This porcelain group-piece, modelled by E.A. Leuteritz and based upon 18th century examples, is a excellent example the work of the celebrated Meissen porcelain manufacturers. Bearing the Meissen crossed-swords mark, it depicts the God Bacchus with a group of his attendants and fellow revellers. Dominating the composition, the god is seated atop a barrel holding a goblet of wine aloft, a leopard skin draped across his lap. A kneeling nymph beside him pours wine from a jug into a goblet held by a seated faun. A winged putto at the front holds another goblet of wine, and a fruiting grape vine at the back of the rockwork base is applied with leaves and flowers. Bacchus is identified by the traditional thyrsus held in his left hand, which is made of the same greenery and foliage scatttered across the object, and which adds these wonderful splashes of colour to the brilliant white glaze of the porcelain. The red of the wine, the gilding on Bacchus' staff and the barrel tap, and the beautiful floral-patterned lilac of the nymph's drapery, all deftly applied, similarly complement the piece and add to its beauty.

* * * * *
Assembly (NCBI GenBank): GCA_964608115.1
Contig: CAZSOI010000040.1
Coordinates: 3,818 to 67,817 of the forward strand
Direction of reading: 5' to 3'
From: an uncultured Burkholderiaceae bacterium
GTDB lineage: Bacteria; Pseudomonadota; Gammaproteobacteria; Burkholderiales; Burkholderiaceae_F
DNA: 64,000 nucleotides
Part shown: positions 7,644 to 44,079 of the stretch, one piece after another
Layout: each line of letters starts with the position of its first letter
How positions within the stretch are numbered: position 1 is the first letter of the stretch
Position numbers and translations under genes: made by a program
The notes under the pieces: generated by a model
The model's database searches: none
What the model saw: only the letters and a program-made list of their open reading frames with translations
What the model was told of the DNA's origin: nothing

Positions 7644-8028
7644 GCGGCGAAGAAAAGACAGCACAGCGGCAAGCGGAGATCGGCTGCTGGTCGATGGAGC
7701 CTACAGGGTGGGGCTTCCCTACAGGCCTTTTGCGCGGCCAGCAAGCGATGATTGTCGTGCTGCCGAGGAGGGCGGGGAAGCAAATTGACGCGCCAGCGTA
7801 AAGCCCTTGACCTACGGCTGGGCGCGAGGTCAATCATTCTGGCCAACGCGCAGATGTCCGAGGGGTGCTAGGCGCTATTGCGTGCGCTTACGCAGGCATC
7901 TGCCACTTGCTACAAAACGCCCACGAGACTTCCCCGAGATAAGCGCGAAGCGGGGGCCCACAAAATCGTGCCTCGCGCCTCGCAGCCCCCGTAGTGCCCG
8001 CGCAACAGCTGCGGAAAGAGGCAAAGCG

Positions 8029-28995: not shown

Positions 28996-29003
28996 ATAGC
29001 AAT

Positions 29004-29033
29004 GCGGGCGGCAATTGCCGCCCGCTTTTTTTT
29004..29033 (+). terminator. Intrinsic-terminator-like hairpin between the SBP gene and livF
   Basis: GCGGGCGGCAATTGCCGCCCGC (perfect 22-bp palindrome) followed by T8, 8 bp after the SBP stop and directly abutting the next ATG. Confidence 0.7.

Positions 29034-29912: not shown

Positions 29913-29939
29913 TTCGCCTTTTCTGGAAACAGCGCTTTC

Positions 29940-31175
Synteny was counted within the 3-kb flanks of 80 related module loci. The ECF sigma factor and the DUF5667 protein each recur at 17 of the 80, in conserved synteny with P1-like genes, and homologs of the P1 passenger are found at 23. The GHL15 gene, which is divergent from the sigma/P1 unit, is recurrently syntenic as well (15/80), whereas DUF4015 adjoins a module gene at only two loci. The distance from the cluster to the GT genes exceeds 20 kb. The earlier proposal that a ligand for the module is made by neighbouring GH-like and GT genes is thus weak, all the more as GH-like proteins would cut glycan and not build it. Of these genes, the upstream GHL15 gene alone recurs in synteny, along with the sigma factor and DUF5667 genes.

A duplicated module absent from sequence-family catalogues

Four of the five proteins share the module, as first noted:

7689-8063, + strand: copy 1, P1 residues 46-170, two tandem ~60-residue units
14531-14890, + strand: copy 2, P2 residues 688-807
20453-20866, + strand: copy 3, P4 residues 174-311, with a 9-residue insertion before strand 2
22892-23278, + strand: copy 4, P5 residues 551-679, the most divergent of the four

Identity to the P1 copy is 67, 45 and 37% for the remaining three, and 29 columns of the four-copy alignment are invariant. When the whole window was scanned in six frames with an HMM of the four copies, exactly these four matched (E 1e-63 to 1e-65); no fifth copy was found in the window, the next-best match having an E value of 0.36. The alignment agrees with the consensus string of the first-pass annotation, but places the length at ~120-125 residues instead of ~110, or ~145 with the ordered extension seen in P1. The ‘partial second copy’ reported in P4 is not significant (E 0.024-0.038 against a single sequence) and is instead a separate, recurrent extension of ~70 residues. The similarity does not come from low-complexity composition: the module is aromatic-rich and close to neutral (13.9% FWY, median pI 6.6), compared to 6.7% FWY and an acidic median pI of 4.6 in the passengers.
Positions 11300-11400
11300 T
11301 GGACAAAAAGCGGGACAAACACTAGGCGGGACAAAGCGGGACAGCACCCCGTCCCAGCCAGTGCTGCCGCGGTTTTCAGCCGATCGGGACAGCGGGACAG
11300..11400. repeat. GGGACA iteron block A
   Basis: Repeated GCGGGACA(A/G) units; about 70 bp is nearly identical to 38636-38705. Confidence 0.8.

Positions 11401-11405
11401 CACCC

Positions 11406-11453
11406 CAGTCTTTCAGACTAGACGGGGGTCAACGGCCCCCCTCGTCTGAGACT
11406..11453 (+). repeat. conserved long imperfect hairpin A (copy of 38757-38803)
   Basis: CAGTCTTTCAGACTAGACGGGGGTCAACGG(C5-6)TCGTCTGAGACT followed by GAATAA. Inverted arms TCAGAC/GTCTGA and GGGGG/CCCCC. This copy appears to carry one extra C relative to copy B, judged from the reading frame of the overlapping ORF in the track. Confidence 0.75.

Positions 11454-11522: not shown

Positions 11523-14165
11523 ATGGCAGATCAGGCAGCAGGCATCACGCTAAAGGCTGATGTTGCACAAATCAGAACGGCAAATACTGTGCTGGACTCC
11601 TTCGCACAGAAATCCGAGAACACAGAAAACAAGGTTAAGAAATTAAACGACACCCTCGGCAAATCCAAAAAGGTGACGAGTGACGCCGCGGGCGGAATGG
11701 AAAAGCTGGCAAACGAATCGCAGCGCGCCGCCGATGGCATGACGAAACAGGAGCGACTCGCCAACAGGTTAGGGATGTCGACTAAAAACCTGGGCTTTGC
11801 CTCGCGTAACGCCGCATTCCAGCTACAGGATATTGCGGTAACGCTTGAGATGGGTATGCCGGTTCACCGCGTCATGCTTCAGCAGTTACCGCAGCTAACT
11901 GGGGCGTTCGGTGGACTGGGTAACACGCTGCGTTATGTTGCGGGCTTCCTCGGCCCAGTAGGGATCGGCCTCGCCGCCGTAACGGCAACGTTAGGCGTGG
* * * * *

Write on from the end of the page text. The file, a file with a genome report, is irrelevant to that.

Overall the group is 32.5cm high, and the crossed-swords mark can be seen in underglaze-blue. It was modelled some time in the period between 1843 and 1850, and has the incised model number 35, impressed 138.